Bulls suffer rare string of losses

April 2, 2012

The Chicago Bulls went more than a year without dropping consecutive regular-season games, a run that ended with a rather disappointing effort.

Goran Dragic scored 21 points, Luis Scola added 18 points and 12 rebounds, and the Houston Rockets rallied to beat Chicago 99-93 Monday night.

The Bulls had gone a franchise-record 86 regular-season games without dropping two in a row, second only to Utah's 95-game run in the late 1990s. But after getting mauled by Oklahoma City, they fell again for the second time in as many days, dropping a wild game that saw several major swings in momentum.

When it was over, coach Tom Thibodeau was seething.


''I felt like we let go of the rope,'' he said.

Never mind that the Bulls still boast the league's best record, with Oklahoma City losing to Memphis. The killer instinct that carried Chicago wasn't there this time.

The Bulls hadn't dropped two straight in the regular season since Feb. 5-7 last season, when they fell at Golden State and Portland, and they sure seemed to be in control of this one until everything unraveled.

The Rockets trailed by as much as 15 in the first half and were down 13 in the third, but two big runs turned this one around. A 14-1 binge tied it at 62 late in the quarter, and they had a 17-2 burst that started in the final minute of the third and gave them an 84-72 lead.

''We got better stops,'' Rockets coach Kevin McHale said. ''We were more active on the defensive end. We chased better on (Richard) Hamilton and (Kyle) Korver.''

Chase Budinger chipped in with 13 points, hitting three big 3-pointers early in the fourth. Courtney Lee scored 13, and Marcus Camby had 12 points and 11 rebounds to help the Rockets bounce back from an overtime loss to Indiana on Sunday.

Luol Deng led Chicago with 24 points, while Carlos Boozer scored 16 points and grabbed 13 rebounds. Joakim Noah added 15 points, nine rebounds and four blocks, but it was another rough outing for the Bulls.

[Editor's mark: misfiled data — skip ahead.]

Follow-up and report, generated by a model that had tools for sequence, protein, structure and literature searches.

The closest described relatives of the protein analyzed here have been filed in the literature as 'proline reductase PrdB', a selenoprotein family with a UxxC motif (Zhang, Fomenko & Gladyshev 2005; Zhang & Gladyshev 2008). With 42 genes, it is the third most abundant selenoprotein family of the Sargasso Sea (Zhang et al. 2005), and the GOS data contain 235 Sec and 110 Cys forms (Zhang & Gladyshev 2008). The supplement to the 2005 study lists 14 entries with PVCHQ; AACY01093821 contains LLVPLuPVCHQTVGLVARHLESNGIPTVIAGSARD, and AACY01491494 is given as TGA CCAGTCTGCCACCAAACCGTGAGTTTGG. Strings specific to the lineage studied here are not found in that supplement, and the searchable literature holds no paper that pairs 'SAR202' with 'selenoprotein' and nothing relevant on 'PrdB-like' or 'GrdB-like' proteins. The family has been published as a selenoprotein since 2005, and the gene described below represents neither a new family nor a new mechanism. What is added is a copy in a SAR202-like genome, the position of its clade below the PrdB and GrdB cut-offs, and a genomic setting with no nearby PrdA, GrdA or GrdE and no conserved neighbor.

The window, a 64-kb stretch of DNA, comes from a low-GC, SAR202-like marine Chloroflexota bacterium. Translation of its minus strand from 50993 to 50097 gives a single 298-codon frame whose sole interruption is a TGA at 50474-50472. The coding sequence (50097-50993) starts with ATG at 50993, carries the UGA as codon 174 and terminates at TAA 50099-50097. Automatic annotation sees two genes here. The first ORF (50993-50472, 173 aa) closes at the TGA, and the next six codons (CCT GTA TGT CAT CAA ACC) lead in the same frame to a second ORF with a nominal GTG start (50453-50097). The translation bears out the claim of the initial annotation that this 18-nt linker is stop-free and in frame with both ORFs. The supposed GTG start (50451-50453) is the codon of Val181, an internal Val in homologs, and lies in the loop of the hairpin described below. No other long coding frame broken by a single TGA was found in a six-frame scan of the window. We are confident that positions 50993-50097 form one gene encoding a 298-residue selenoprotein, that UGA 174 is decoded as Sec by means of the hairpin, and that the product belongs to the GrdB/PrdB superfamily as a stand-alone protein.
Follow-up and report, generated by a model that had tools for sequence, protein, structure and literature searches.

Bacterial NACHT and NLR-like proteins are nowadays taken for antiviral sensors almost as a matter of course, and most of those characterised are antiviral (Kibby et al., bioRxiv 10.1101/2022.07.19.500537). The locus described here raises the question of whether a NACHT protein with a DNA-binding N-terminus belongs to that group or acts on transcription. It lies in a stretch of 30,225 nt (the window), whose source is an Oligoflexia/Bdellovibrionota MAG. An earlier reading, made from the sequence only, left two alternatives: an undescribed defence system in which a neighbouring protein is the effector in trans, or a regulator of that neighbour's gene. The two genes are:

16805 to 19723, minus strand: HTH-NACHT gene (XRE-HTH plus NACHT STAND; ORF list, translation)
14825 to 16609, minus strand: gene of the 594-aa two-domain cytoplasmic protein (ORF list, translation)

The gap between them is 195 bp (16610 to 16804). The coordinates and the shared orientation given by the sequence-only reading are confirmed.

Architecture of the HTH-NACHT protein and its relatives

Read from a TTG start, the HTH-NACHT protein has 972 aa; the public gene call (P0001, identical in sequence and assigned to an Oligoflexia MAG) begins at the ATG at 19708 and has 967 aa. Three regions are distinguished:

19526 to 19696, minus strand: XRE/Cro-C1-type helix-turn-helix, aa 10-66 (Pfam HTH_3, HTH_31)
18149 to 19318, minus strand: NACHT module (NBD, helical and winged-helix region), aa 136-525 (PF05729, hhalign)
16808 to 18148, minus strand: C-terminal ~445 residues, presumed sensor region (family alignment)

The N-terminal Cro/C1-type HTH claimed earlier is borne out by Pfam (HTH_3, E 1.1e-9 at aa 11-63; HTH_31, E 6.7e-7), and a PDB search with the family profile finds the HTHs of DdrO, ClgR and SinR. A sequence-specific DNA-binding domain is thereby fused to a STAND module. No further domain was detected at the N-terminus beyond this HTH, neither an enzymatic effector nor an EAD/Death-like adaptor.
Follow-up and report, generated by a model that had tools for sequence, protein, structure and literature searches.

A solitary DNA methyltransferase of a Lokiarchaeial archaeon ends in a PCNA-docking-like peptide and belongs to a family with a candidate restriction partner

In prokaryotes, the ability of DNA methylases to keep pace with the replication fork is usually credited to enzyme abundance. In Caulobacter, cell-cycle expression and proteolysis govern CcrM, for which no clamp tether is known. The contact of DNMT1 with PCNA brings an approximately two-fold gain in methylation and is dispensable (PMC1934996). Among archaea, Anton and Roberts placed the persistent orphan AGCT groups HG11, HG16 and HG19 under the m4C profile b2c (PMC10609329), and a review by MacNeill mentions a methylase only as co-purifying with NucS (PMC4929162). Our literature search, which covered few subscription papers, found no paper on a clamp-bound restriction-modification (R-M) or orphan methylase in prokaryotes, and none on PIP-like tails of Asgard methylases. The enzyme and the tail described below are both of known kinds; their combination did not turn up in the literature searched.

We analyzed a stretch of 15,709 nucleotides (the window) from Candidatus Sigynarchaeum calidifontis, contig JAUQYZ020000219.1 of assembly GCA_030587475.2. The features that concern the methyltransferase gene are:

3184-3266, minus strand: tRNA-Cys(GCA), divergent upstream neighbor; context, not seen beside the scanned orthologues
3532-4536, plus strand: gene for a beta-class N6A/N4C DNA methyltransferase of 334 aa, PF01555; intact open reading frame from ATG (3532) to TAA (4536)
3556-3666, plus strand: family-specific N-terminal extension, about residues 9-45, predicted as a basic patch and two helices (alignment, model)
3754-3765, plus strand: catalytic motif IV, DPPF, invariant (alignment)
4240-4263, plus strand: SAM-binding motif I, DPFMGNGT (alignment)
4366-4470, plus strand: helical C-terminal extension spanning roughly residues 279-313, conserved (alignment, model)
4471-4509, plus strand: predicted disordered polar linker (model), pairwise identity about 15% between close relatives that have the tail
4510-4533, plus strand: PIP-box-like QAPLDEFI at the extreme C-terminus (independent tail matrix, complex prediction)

They probably could have used Derrick Rose, but their All-Star guard missed his 11th straight game because a right groin injury. Then again, the Bulls dismissed that as a convenient excuse.

''They got guys out, too,'' Deng said.

And the Bulls are 14-7 without Rose, so they've been winning when he's not in the lineup. They also got Hamilton back from a 14-game absence because of a sprained and bruised right shoulder, but he finished with just six points - all in the early going. Hamilton also had five of Chicago's 19 turnovers.

The turnovers clearly stood out to Thibodeau. He repeated that word early in his postgame news conference - ''turnovers, turnovers, turnovers, turnovers, turnovers,'' he said - and kept harping on the sloppy play.

''We lost the last two games because of our mistakes,'' he said.

The Bulls appeared to be in good shape, leading 61-48 after Boozer's finger roll 4 1/2 minutes into the third.

But the Rockets answered Boozer's layup by scoring 14 of the next 15 points, tying it at 62 on Camby's jumper with about three minutes left. Then, with under a minute left in the quarter, Patrick Patterson scored on a reverse layup and Earl Boykins hit a 16-footer to send Houston into the fourth quarter with a 71-70 lead and start that 17-2 run.

It included three 3s by Budinger in the opening minutes of the period, the third making it 84-72.

''Coach said to be ready for that quick swing and be locked in and I was able to knock them down,'' Budinger said.

Notes: Houston's Kyle Lowry missed his 14th game in a row because of a bacterial infection and teammate Kevin Martin sat out his 12th straight with a sprained right shoulder. ... No surprise, Bulls coach Tom Thibodeau wasn't about to wax poetic after being selected the Eastern Conference Coach of the Month. ''That's a byproduct of a good team, good coaching staff, good organization.'' The Bulls went 13-3 in March. ... The Rockets were 20-8 at home and 8-17 on the road entering Monday's game, and coach Kevin McHale was at a loss to explain the disparity. ''I never understood that,'' he said. ''Baskets are 10 feet high and the court's 94 feet. I've never seen a fan score a point yet.''